Ask the Expert

Ralph Bright on the Power of Power Cords

Understanding power system components and how to connect them correctly is critical to meeting regulatory requirements and designing successful electrical products for worldwide markets. Interpower’s Ralph Bright defines these requirements and explains how to know which cord to select for your application.

Inside Story

Rapid Precision Prototyping Program Speeds Medtech Product Development

Rapid prototyping technologies play an important role in supporting new product development (NPD) by companies that are working to bring novel and innovative products to market. But in advanced industries where products often make use of multiple technologies, and where meeting a part’s exacting tolerances is essential, speed without precision is rarely enough. In such advanced manufacturing—including the medical device and surgical robotics industries — the ability to produce high-precision prototypes early in the development cycle can be critical for meeting design expectations and bringing finished products to market efficiently.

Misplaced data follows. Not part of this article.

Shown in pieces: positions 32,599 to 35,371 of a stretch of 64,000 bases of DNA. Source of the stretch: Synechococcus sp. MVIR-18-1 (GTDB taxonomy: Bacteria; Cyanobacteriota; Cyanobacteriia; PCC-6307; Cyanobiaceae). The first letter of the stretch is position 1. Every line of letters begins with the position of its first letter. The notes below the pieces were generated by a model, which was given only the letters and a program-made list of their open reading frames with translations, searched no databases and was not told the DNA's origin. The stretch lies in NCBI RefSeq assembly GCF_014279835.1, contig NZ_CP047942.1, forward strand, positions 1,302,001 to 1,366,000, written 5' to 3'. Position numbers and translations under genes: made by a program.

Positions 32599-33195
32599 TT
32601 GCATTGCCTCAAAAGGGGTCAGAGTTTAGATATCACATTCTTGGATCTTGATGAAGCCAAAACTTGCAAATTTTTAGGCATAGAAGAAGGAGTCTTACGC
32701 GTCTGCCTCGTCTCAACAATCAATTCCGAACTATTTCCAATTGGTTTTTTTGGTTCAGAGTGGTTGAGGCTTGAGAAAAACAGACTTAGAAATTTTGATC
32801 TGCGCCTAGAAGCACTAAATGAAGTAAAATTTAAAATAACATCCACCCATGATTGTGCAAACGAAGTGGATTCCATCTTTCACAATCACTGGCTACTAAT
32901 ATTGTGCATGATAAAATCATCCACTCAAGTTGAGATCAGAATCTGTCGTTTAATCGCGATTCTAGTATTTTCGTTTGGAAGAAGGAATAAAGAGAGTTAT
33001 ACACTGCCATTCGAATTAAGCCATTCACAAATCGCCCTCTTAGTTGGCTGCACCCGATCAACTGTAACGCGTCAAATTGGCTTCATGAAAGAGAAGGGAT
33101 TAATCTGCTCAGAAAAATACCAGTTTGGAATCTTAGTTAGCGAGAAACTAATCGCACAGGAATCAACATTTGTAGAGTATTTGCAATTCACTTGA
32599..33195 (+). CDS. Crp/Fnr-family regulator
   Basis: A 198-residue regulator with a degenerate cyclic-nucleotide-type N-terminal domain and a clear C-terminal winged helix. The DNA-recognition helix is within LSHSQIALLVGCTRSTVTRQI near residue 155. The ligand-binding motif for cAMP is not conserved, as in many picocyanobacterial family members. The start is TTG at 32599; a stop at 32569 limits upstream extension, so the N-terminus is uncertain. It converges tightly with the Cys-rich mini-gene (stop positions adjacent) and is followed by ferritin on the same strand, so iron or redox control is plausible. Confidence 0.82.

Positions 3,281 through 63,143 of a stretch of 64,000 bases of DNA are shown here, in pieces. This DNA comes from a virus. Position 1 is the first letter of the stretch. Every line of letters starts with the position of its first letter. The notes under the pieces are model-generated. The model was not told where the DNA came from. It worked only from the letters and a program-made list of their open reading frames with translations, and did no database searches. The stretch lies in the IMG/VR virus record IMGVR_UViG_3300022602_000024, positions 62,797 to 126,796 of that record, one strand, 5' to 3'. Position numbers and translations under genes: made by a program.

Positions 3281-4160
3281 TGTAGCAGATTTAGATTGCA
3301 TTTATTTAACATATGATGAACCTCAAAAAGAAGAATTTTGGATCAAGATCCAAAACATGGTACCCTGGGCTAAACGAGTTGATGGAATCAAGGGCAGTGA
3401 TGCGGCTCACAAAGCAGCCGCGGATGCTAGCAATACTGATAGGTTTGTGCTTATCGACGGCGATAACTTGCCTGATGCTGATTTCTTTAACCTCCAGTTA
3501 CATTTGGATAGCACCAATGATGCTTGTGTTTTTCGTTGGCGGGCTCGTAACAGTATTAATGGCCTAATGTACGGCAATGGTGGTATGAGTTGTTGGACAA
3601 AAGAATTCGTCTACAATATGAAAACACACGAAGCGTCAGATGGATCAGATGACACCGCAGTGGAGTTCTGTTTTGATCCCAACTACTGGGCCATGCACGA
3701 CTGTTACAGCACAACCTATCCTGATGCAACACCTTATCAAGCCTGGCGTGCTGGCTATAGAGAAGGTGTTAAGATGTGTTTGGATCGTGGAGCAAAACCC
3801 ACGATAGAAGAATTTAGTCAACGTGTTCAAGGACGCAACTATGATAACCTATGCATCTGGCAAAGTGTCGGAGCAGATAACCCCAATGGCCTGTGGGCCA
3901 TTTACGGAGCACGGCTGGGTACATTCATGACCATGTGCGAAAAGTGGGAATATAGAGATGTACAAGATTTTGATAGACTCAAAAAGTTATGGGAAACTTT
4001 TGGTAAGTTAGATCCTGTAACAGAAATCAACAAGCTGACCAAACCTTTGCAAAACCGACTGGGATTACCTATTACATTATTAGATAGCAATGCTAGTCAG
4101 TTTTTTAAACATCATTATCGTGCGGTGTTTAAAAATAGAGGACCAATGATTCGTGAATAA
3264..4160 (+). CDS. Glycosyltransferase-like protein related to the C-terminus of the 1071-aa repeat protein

Trending Stories

Briefs: Packaging & Sterilization

Harnessing the Power of Ultrasonic Precision Cleaning for cGMP Compliance

Technology Leaders: Robotics, Automation & Control

Is a Medical Robot Really a Robot?

Technology Leaders: Tubing & Extrusion

The Journey Toward Intelligent Catheters

Briefs: Robotics, Automation & Control

Robotics Motion Control: The Complex Relationship Between Movement and Task